Even though our educational system continues to produce legions of half-baked graduates who learn by rote, the nation has, interestingly, not lost her intellectual compass. It would, perhaps, shock you to learn that, people with poor educational background are now able to discern the truth from falsehood in comments of our politicians.

To tell the truth, I do not believe in those infantile, propaganda campaigns. It is sad to say that, not only are some people playing down the contributions of Akuffo Addo to national development, they are, shockingly, telling me that the legal luminary graduated from the university with poor results. I am inevitably forced to reply: ‘He failed, and so what!’ I wonder if such diminishes his political profile. In my mental lexicon, the fall of a man is not the end of his rise; at least, we should thank God for lifting him up from the canvas.

It bears repeating: this year’s election would define the complexion of our democracy. This is an election which I want to be won on issues. The power is in the hands of electorates to decide the best man for the driver’s seat; be it Prof. Mills, or whoever. Uncle Ben Ephson, like other good pollsters, has it that the number of floating voters is hitting 8%. The Rawlingses need not be told that, their decision to insult the integrity of Kufour and Akuffo Addo, and barely stop short of calling them ‘academic fraudsters’, was nauseous enough to revolt the stomach of every floating voter.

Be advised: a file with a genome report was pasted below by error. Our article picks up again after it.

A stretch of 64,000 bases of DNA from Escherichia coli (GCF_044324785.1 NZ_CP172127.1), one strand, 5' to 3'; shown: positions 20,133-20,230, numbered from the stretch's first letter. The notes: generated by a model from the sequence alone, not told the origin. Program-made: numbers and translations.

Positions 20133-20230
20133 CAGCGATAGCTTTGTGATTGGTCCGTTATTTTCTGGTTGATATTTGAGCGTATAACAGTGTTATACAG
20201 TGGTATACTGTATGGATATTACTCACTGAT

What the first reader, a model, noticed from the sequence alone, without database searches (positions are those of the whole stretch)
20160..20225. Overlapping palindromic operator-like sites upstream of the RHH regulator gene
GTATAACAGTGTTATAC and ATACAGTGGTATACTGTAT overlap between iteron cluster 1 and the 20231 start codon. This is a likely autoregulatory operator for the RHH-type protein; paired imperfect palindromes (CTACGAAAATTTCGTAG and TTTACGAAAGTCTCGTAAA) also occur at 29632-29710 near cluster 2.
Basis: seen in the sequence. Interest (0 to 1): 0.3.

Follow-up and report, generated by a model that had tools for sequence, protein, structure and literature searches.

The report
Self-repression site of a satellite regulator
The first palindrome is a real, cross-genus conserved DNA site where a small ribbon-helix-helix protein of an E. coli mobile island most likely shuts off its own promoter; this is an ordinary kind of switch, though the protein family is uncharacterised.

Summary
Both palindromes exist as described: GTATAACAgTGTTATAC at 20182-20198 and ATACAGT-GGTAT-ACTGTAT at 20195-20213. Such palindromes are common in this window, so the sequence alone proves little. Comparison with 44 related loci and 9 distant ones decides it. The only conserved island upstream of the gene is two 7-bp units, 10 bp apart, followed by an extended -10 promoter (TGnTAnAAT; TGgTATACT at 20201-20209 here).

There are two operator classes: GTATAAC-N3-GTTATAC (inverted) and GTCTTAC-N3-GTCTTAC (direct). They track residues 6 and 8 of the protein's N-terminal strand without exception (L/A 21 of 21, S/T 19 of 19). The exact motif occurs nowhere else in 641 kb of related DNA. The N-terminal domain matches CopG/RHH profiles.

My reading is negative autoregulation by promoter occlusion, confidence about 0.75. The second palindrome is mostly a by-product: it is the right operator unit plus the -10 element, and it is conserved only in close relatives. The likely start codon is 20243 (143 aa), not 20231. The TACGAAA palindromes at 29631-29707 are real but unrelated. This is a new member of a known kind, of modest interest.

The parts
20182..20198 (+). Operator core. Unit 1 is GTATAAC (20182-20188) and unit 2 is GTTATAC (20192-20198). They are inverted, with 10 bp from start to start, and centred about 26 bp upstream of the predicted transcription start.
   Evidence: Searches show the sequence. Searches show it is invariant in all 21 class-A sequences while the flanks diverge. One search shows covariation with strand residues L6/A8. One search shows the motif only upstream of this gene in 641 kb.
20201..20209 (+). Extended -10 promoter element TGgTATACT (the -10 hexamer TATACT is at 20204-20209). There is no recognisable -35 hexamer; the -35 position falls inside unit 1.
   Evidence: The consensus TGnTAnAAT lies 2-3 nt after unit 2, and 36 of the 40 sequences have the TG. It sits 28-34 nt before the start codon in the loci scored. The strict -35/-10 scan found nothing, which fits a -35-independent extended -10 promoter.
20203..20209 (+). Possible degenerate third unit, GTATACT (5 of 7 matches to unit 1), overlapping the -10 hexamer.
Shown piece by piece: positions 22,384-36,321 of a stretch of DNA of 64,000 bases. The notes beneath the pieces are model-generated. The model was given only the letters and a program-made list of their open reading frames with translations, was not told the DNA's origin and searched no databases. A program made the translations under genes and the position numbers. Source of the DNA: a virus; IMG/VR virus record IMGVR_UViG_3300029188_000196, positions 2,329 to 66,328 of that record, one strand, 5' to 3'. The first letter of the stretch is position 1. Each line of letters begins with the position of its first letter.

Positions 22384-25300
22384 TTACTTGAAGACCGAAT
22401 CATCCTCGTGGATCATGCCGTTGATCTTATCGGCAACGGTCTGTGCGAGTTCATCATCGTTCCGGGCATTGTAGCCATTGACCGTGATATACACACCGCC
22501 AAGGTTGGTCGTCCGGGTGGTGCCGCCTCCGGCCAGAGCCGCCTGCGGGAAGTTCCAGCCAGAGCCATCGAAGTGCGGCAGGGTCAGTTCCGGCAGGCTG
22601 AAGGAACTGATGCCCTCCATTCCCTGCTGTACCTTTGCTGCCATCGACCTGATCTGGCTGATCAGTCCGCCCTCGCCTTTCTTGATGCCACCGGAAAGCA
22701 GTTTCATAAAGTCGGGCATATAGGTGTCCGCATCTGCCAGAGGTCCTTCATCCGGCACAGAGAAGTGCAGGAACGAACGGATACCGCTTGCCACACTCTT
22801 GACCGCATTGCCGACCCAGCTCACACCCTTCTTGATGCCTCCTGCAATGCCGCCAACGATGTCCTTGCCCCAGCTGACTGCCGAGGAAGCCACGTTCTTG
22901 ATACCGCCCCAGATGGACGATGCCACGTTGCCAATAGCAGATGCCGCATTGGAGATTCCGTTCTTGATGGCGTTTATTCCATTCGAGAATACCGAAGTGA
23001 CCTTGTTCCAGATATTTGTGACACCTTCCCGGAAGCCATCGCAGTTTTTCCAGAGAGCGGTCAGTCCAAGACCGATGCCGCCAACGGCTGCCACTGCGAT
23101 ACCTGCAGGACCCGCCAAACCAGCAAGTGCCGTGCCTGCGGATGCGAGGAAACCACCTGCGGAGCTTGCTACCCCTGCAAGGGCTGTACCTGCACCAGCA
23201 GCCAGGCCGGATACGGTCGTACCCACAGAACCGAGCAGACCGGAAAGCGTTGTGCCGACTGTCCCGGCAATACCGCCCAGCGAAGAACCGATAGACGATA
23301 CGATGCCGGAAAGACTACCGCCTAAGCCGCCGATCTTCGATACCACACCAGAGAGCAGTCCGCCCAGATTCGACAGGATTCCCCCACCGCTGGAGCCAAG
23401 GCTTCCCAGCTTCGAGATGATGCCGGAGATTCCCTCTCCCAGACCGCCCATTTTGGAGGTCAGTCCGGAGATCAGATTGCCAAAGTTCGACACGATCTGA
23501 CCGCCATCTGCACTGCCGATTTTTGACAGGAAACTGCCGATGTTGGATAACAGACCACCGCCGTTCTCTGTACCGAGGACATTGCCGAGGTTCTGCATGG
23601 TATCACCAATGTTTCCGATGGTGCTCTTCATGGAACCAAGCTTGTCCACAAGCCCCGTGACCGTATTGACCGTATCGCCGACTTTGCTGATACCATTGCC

Konadu should, please, shelve comments like, ‘Mills would not be treated with kids’ gloves’. She should melt those choleric hormones and tread the path where, young ones would look up to her as a great woman of peace, a fighter of justice, and a democracy’s Joan of Arc. In fact, I am vindicated by John Mahama’s call on her to shut up!

There is a conservative notion that history is a biography of great people. If indeed, Rawlings wants his legacies to survive the storms of life, he should act like the gadfly who pricks the conscience of a dictator, and be a voice for the voiceless. I know the Rawlingses to be charismatic, but in the face of media interrogation, I advise they choose to be self-effacing, even to the point of shyness.

With this piece, the heavens know I do not, in anyway, intend to wage a campaign of calumny against the person of the Rawlingses, nor am I joining forces with those mudslingers; I merely string these few words as a piece of advice. However, I for one would never live to like those unguarded comments. And by all accounts, I am not alone. While some people are too pent-up to speak, others get to their pillows seething with anger. The Rawlingses should remember that their traducers are all over the place, planting dynamites on their path. I am sure the Rawlingses would take heed to my advice. For in my article titled: ‘Much ado about Rawlings’, I stated, inter alia: ‘Rawlings has seen two sides of the interesting coin; dictatorship and democracy, and I entreat young politicians to drink from his well of experience’.

Finally, as an African, the ethos of our social clime forbids me to talk to adults in harsh tones. In the light of this, I apologize profusely if I, inadvertently, stepped on giant toes. A word, common sense confirms, is enough for the wise. The destiny is in their hands!

Afreh Manu Bernard